By Christine Mallier
Valentine’s Day is February 14, but did you know that February 20 is National Love Your Pet Day? It’s a great reminder to spend time with our pets, and show them the care and attention they deserve. It’s also a great opportunity to think about things we can do as pet parents to keep them happy and healthy.
We bring pets into our homes because we value their companionship as part of our families. Unlike humans who can self-care, our pets are fully reliant on us to make decisions about what is best for them. Fortunately, many of the things we can do to support their well-being also involve things they enjoy– like eating well, cuddling and getting exercise.
To help you think about the health of your dog or cat, here are five questions to consider on National Love Your Pet Day, along with some advice to help make changes if needed.
Are you spending enough quality time with them?
As a pet parent, you have an important role in in keeping them happy. Besides attending to their basic needs, are you also spending quality time with your pet on a daily basis? Pets are there to provide love and friendship, and they benefit greatly from interacting with you. Psychology Today also notes that the bond between you and your pet can release oxytocin in your brain, so spending quality time with them is also good for you.
Even if you are pressed for time, there are lots of ways you can build in more quality time throughout the day. One of the simplest ways is to simply add a few extra blocks onto your walks outside. You can also invest in some new toys to play with your pet around the house. If you do cardio at the gym, a great alternative could be jog with your dog. And think about the time you spend on your mobile or tablet at home – doing that while sitting beside an elderly cat or dog with an occasional stroke on the head can bring your senior friend a ton of comfort. Even just a few extra minutes of your time throughout the day can make a big difference in helping them feel loved.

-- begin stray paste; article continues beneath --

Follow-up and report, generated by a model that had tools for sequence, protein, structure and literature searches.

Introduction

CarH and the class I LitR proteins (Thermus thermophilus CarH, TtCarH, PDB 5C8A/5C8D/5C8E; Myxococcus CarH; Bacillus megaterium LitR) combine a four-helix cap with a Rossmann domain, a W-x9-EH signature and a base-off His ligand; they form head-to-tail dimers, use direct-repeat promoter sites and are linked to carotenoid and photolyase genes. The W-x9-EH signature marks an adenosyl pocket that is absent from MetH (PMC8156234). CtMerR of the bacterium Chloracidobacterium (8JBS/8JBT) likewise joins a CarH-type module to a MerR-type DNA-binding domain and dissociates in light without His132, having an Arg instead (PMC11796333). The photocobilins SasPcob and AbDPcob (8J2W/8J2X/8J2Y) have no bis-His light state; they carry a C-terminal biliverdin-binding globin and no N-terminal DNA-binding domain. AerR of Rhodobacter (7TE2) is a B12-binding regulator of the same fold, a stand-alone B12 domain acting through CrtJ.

How is their skin and coat?
Like humans, healthy skin for cats and dogs should be smooth and clear. It should not feel greasy, bumpy or have flakes. Their coat should be shiny and smooth because of natural oils and the process of shedding. It should not be brittle or coarse.
One of the best things you can do to support good skin and a healthy coat is to feed your pet a recipe that is formulated to include quality sources of nourishing omega oils, such as flax seed or salmon. Regular brushing and the occasional bath can also be a good for them, but always make sure to use products that are made with pets in mind. If you have a breed that requires regular grooming, it’s also important to keep on top of that. Pets always feel their best when mats are removed and they look sharp too when they are well-groomed!
If you do discover something is off with your pet’s skin or coat, don’t panic. Simply, check in with your vet to see how you can help your furry friend.
How is their oral health?
In addition to February 20 being National Love Your Pet Day, February itself is also National Pet Dental Health Month. A healthy pet’s teeth should be free of plaque and tartar, and they should not be jagged or broken. Their tongue should be moist, free of lumps, raised spots and cuts, and their gums should be free of gingivitis. It’s also a myth that pets all have bad breath. It won’t smell great, but if their breath actually stinks, it could be a sign of something wrong.